Last week I have posted an article about some of my dreams for a future Europe. One of my first dreams started with the hope for more human dignity… Why on earth should we talk about dignity? Especially, when in fact we all know that Europe is the place where dignity is fundamental and part of our basic values, isn’t it? Uhm, yes… it is – mostly.
For sure Lesbos, one could think… after all this island became one of the alleged symbols for a possible failure or for a successful cooperation and solidarity in Europe, at least in 2015 and 2016 respectively.
Coffee junkies like myself probably know that situation very well. If there is no decent independent café around we sometimes enter clandestinely one of those temples of modern so-called coffee culture.
The so-called refugee crisis in Europe seems to disappear step by step from the news. On the one hand that’s good as I can’t hear this expression any more – it’s not an European refugee crisis, it’s a humanitarian catastrophe many refugees are experiencing.
During the Great Depression of the 1930s the world famous photographer Henri Cartier-Bresson is said to have made the following statement: ‘The world is going to pieces and people like Adams and Weston are photographing rocks!’ I’ve always liked this sentence despite the fact that it’s quite a bit snooty and disrespectful against the work of others. However, since I also have little use for landscape photography, I’m claiming to see and understand his position. For me, photography is so much more than the simple ability of recording memories or beautiful sceneries into pictures. Rather, it’s part of my confrontation with social and societal issues as well as an attempt and a language to express my own view and perspective on things; a confrontation I wanted to face within my project.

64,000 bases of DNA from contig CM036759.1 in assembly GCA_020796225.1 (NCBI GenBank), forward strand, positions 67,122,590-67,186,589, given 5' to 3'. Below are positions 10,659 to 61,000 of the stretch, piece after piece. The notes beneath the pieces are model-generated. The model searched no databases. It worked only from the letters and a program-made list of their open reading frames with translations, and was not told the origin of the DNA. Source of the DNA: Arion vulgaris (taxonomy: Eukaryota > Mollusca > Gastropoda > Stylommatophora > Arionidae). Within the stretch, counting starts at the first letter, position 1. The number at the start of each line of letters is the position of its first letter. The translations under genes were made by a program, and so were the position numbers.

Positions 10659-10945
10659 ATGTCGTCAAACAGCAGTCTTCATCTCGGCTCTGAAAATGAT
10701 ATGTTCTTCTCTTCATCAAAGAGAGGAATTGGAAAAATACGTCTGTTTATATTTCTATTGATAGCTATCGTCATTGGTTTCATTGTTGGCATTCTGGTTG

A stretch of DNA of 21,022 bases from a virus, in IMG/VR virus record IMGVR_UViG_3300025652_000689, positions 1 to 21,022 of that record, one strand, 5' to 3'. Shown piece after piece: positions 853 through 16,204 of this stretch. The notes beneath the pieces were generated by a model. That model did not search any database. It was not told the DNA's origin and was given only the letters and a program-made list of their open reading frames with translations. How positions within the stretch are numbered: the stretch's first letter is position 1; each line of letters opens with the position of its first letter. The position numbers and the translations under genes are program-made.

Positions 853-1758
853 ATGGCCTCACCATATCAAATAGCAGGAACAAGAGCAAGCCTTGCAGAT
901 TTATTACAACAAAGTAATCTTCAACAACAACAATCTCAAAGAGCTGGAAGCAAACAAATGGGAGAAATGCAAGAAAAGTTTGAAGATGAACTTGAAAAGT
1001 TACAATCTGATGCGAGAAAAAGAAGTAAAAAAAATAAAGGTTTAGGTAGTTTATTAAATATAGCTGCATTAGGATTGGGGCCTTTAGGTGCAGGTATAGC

The last of the three countries of my upcoming journey will be Greece. For sure Greece, one could say. Wherever else should one go in the search for the European identity than to Greece? It’s one of the cradles of European civilization and Europa, the Phoenician princess and consort of Zeus in the Greek mythology, gave the continent its name. It’s the country of philosophers like Plato or Aristotle. It’s the place where the idea of democracy supposedly was thought for the first time – an outstanding achievement that for sure changed the world. These all… are definitely not the reasons why I want to visit Greece for my project.
In the evening of November 10th, 1989 six friends decided spontaneously to skip school next day and to leave for Berlin where history was written in those days. They packed a few things and the next morning they took off with their so-called cars – more scrap than anything – for the 550 km distance from the very western part of Germany to Berlin. More than 40 hours without sleeping and hundreds of kilometers of traffic jam lay ahead of them – as well as some of the most emotional impressions of their lives until that point. They literally intimately experienced the opening of one part of the German Wall at Potsdamer Platz on November 12th with all its stories behind. One of these young guys was me and I’m still very thankful for the privilege of being witness of this moment. The only tangible memory I still have from that day is the photo I’ve taken there which you can see above.
Probably you all know this feeling. Almost everything you’ve been thinking about yesterday already sounds outdated today and will become obsolete tomorrow. The world appears to stay in the fast lane, news is overwhelming you through different media all day and neither politics nor society seems to be able to respond to the urgent questions and challenges of our time. What ist right, what wrong? Which information can I trust and whose statistics can I believe? If those who are in power obviously don’t know the answers, how could we know them? We start to feel helpless and powerless to say the least. Some become scared, some angry, others aggressive. The rest of the story is known and can be quickly told.
During the last few days I have been thinking a lot about whether to write something on this issue or not. I’m not running a primarily politically oriented blog and my main topic for the project still will be the European identity. Many newspapers and magazines as well as many other blog writers – surely being read million times more often than my blog – have published a lot about the current tragedy of several thousands of refugees on their often horrible odyssey to and through Europe in the search of safety and humanity. So, why should I put my oar in furthermore? Maybe because it concerns me and – what if not this? – it will deeply influence the self-image of the Europeans as well as the view on this continent and its societies from the outside.